These customizable products allow a wide variety and range of inputs, produce multi-page outputs, and do indeed create an impression of accuracy. But we should question the meaning of “accurate” when two modelers, using the same program but with differing assumptions, can produce results differing by 10 percent or more.
Data problems embodied by climatic modeling
This quandary is readily illustrated by climatic modeling. Consider an array in states where snowfall and snow accumulation are a regular annual occurrence. Unless manually cleared, the array will be covered by snow multiple days per year, and in many such locations, a full winter month’s worth of production will be lost in a typical year. Specific snow losses depend upon various factors including the array’s geographic location, the clearance height of the panels above the supporting surface, and the tilt of the panels from horizontal.
However, no prescribed guidelines exist to determine how much lost production should be attributed to snow, leaving individuals to decide this input. Developers will assume one figure (typically, zero) and prospective owners will assume other figures, which vary depending on their experience and conservatism.
Further, modelers can use their own climatic weather data rather than published and statistically validated data sets such as typical meteorological year (TMY) data from NREL. User-generated weather data may not be immediately apparent to the recipient of a production estimate, and such data, perhaps based on one year of measurements from a temporary weather station at the prospective array site, typically does not pass statistical tests for reliability and cannot be independently validated.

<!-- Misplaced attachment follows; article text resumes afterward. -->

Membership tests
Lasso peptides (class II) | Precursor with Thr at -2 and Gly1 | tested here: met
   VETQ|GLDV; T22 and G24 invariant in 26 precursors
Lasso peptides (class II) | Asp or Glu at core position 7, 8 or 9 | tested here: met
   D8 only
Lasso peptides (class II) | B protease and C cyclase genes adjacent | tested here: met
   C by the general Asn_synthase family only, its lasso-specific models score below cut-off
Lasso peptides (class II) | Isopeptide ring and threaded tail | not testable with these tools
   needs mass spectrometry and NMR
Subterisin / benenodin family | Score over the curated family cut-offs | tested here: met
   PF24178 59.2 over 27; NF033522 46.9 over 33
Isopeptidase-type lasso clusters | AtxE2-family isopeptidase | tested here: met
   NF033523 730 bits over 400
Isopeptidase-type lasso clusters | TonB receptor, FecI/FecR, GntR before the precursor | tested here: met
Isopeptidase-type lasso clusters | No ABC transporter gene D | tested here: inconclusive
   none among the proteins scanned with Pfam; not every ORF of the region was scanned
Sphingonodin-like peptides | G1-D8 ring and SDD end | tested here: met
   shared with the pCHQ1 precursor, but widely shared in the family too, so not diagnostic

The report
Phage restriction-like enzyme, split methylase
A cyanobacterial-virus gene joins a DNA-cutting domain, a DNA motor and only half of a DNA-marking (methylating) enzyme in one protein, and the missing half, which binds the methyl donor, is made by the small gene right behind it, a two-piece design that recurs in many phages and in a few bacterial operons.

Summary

Production modelers typically claim user-generated weather data to be more accurate than published data because it is produced at the prospective array site. This cannot be verified, but notably, production estimates from user-generated weather data are only presented when the results are higher than from TMY data.
Decisions pertaining to whether and how to incorporate important production impact factors, such as having panels covered in snow for extended periods, are up to the modeler, and many people simply don’t account for them. Similarly, modelers can choose to ignore established meteorological data sets and selectively use self-generated meteorological data when the results favor the modeler’s goals. These two examples highlight how underlying factors in production models create disagreement, protracted contract negotiations, false expectations and failed deals.
Industry bodies should lead the standardization charge
Without better standardization of methods, the production estimation process will continue to generate time-consuming conflicts and slow deal closure, limiting system construction.
The solar industry will benefit by establishing standardized production estimating techniques, and its leaders should lead the charge toward publishing clear guidelines. Nationally recognized bodies like the Solar Energy Industries Association and North American Board of Certified Energy Professionals represent all sides, have the credibility to set a middle path, and are well equipped for the task.